By 2005, four packing houses in the South Tyrol area were ready to adopt it. In 2006, 15 packing houses tested it in 81 storage rooms containing 76,000 boxes of various varieties, which were stored for between five and eight months.
A side effect, apart from the scald control, was better fruit quality, Zanella reported. Red Delicious in the treatment had less core browning and better firmness than the ultra-low oxygen treatment. The firmness was comparable with a SmartFresh treatment when the fruit was brought out of storage, though after seven days at room temperature, the Dynamic CA fruit was slightly less firm. Unlike SmartFresh, the treatment has no continuing effect after storage.
The Dynamic CA treatment was also used successfully for Braeburn apples to control internal browning.
Zanella said it is a great advantage to be able to supply the consumer and retailers with fruit of this quality --without any residues.
Dr. Gene Kupferman, postharvest extension specialist with Washington State University, said the Washington tree fruit industry has been relying on DPA and MCP to enhance postharvest quality, but neither of those are options for the organic fruit industry, which is increasing in importance. "What are we going to do in postharvest to help them extend the storage life of their fruit so they have a good marketing condition?" he asked.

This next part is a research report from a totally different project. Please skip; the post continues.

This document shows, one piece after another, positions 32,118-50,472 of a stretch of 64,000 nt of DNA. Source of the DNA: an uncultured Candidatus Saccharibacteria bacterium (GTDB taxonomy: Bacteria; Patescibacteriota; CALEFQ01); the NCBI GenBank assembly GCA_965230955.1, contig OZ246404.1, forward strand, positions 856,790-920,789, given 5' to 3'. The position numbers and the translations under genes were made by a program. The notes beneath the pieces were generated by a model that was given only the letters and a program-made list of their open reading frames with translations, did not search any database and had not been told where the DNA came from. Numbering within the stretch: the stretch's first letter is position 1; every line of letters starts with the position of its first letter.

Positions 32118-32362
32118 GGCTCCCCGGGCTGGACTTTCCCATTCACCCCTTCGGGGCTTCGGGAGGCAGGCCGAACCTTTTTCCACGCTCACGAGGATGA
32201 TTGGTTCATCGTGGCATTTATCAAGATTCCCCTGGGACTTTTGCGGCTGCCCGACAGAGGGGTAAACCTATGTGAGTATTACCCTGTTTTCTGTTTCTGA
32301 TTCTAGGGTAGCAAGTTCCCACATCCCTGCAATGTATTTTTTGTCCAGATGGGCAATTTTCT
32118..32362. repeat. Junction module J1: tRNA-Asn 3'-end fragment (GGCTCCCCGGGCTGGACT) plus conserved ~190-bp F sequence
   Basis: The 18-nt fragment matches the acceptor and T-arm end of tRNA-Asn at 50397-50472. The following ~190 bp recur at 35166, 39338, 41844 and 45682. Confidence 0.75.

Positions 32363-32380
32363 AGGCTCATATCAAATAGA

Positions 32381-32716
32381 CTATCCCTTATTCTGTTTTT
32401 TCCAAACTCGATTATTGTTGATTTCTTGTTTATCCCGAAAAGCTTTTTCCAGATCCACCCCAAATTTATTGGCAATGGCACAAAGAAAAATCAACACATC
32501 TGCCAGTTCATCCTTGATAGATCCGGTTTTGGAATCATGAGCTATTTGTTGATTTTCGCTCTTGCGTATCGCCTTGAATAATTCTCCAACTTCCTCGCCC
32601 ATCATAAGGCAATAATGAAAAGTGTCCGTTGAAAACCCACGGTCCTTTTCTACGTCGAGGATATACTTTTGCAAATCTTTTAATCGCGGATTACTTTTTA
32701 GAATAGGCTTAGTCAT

The HarvestWatch sensor that Prange developed is manufactured by a company called Satlantic in Nova Scotia, but the company does not want to be the marketer of the instrument, Kupferman said. Agriculture Canada holds the patent and is seeking a partner in North --America to sell it.
Kupferman said it might need some refinement for use in Washington, but he would like to work with a group of packers to try to learn how to use the Dynamic CA system without putting the fruit at risk.
"We need to develop this," he said.